Abstract: To investigate people’s ability to update memory in a dynamic task environment we use the experimental card game TRACS^tm (Burns, 2001). In many card games card counting is a component of optimal performance. However, for TRACS, Burns (2002a) reported that players exhibited a baseline bias: rather than basing their choices on the actual number of cards remaining in the deck, they chose cards based on the initial composition of the deck. Both a task analysis and computer simulation show that a perfectly executed memory update strategy has minimal value in the original game, suggesting that a baseline strategy is a rational adaptation to the demands of the original game. We then redesign the game to maximize the difference in performance between baseline and update strategies. An empirical study with the new game shows that players perform much better than could be achieved by a baseline strategy. Hence, we conclude that people will adopt a memory update strategy when the benefits outweigh the costs.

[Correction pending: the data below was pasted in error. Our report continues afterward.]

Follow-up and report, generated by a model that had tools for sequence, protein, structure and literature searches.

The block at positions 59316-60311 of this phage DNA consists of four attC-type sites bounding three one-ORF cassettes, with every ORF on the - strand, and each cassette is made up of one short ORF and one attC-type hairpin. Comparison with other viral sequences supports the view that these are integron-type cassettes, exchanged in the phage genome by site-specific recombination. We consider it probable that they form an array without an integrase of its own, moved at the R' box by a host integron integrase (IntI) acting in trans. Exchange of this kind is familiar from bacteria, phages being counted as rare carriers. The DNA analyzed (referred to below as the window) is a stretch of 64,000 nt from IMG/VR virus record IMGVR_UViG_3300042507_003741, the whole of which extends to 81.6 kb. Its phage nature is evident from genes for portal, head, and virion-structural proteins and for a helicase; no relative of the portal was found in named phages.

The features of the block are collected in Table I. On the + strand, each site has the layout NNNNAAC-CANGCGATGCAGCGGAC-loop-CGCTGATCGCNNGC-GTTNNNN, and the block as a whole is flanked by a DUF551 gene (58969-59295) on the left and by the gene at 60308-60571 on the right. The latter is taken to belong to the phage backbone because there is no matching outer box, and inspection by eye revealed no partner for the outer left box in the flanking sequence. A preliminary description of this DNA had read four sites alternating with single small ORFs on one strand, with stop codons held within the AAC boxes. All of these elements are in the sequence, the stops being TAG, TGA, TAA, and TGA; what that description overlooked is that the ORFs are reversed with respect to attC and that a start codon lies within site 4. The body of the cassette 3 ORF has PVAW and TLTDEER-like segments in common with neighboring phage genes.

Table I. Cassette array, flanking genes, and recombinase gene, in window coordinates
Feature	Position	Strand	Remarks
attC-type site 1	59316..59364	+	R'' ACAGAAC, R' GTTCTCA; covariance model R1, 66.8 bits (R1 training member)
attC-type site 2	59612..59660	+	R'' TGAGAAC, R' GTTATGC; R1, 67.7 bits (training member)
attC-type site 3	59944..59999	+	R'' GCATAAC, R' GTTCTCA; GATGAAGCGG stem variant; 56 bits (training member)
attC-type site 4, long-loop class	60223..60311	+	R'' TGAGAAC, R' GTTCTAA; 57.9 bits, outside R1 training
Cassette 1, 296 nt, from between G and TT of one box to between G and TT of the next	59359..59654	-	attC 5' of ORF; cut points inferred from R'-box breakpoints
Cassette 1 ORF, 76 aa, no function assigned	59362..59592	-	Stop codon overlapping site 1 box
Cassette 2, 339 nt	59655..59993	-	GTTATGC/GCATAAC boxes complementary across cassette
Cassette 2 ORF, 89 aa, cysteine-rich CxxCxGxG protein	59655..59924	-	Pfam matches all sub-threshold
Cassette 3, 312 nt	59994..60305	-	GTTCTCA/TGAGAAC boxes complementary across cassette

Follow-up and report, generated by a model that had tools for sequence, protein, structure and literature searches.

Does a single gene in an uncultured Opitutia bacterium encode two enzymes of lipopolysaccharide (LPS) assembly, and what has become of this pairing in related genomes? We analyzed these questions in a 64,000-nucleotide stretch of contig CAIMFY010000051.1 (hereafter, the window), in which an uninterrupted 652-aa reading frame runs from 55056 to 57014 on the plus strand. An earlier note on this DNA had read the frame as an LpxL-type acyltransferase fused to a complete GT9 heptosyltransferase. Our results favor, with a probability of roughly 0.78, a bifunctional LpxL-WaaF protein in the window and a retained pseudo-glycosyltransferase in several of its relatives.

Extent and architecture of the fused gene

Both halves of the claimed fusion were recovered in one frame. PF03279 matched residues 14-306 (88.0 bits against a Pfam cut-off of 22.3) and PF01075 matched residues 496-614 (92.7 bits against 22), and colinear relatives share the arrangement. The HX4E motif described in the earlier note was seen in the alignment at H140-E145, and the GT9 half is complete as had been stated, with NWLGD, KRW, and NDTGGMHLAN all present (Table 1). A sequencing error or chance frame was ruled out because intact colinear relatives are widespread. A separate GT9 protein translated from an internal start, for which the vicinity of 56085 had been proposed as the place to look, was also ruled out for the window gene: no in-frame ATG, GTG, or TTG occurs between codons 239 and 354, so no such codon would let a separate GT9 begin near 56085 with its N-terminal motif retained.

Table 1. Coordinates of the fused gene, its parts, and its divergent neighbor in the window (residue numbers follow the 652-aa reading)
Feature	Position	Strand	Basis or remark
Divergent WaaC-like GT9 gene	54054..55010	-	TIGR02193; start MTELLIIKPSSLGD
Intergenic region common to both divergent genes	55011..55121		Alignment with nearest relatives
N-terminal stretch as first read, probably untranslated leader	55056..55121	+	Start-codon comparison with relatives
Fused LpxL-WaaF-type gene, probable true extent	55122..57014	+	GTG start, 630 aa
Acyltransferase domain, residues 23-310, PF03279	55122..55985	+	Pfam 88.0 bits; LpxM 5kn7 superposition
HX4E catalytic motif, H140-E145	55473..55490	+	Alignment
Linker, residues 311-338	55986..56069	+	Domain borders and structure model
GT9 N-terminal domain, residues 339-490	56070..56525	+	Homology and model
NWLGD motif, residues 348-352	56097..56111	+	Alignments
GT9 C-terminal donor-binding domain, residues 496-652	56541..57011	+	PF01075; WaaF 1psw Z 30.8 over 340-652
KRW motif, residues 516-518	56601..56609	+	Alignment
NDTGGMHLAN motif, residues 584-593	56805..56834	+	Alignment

Keywords: dynamic memory, baseline bias, Bayesian updating, rational task analysis (RTA).
Related: The simBorg approach | Feedback design in Tardast | Melioration as rational choice | Rational task analysis (RTA)
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